#9. Out of the $45 billion generated by the U.S. fishing industry, about 15% of the revenues come from tackle expenditures. In total, tackle brings in about $6 billion in retail sales each year. (American Sportfishing Association)
#10. Two-thirds of the tackle that is purchased for fishing in the U.S. is for freshwater species. Bass is the most popular species that is fished, followed by trout, crappie, panfish, and catfish. (American Sportfishing Association)
#11. Bass is also the most common saltwater species fished in the United States. It is followed by flounder/halibut, redfish, shellfish, and bluefish. (American Sportfishing Association)
#12. The most common time fishermen describe themselves as an “avid angler” is between the ages of 35-44, which is also when they have the most discretionary income to spend on this activity. (American Sportfishing Association)
#13. 76% of the revenues which are generated by the fishing lure industry come from people who describe themselves as “average anglers.” Avid anglers, however, spend 2.5 times more on the tackle they require. (American Sportfishing Association)
#14. 22 out of 30 tackle categories have seen spending increases in the past decade. Leaders have seen the highest increase, at 45%. Hard bait spending increases are at 8.5%. Soft bait, on the other hand, has experienced a spending increase of just 0.4%. (American Sportfishing Association)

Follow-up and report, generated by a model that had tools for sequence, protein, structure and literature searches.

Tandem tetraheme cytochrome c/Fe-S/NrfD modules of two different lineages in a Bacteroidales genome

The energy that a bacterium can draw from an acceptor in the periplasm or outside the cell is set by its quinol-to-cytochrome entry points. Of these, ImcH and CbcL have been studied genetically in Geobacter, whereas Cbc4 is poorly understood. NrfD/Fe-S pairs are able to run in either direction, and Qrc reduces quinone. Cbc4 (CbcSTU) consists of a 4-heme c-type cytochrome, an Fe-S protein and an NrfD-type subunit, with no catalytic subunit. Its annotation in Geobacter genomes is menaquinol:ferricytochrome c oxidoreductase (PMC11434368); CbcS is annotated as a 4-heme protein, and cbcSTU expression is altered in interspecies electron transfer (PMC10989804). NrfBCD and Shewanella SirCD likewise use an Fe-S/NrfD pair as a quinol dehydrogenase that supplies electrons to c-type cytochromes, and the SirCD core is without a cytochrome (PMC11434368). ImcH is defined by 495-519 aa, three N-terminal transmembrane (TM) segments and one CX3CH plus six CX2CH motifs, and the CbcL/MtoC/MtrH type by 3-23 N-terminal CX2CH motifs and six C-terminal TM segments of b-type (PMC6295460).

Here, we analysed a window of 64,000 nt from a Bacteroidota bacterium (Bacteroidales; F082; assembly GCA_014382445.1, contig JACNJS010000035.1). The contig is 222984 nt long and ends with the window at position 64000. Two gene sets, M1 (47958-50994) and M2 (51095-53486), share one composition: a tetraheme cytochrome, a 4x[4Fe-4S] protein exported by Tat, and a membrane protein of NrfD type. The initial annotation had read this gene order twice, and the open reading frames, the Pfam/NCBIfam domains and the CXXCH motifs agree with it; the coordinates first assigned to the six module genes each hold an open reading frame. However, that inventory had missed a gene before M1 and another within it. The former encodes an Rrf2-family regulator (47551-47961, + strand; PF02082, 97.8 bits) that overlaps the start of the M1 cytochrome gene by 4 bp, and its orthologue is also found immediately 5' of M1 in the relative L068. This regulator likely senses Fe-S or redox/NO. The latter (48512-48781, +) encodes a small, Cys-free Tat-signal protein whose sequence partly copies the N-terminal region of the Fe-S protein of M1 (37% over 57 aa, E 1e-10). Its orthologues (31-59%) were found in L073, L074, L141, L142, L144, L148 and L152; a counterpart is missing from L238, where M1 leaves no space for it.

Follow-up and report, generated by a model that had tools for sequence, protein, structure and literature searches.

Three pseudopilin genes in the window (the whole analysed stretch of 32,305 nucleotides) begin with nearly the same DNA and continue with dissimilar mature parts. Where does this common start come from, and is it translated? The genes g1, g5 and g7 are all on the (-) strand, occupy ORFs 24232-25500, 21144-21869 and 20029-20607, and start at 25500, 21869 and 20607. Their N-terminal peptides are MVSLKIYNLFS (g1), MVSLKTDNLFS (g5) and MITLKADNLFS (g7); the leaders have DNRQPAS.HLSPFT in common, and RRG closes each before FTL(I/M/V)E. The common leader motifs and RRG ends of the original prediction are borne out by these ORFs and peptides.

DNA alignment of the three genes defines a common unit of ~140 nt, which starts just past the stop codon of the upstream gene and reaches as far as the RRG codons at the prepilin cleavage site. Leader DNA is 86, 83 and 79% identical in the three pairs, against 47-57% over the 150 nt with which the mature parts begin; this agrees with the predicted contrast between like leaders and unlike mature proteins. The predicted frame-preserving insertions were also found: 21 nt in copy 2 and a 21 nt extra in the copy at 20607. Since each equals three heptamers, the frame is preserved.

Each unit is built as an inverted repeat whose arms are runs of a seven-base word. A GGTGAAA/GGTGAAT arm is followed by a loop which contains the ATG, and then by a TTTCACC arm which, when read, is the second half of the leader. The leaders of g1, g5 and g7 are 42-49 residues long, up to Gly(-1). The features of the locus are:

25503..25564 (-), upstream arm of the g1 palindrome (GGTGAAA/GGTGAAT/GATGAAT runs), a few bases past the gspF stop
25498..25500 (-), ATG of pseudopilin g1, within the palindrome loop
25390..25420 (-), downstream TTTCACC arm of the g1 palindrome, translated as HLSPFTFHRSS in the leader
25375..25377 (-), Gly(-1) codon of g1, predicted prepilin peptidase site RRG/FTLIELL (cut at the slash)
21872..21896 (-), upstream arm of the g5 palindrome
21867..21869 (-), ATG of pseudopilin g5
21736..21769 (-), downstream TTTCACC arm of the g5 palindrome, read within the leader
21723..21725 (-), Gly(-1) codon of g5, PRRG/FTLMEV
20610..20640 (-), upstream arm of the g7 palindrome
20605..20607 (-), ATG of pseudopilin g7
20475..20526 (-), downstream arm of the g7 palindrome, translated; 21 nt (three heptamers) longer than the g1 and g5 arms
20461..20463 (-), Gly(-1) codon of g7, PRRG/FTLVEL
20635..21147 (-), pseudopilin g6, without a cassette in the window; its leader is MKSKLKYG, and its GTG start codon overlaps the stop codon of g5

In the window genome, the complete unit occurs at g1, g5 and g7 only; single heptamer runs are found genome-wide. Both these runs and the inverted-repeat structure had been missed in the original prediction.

#15. Independent marine recreational bait and tackle retails stores contribute $2.3 billion to the U.S economy. That includes $796 million in income and about 16,000 direct employment opportunities. (National Oceanic and Atmospheric Administration)
#16. The average retailer who only specializes in bait and tackle generates about $426,000 in revenues each year. (National Oceanic and Atmospheric Administration)
#17. Almost 11 million youth in the United States participate in fishing and are participate with the fishing lure industry in some way each year. (Statista)
#18. About 12% of households in the United States say that they participate in hunting or fishing activities on a regular basis. (Statista)
#19. About 70% of people say that they would go fishing more often if they had easier or more affordable access to boats that would help them enjoy a recreational experience. (Statista)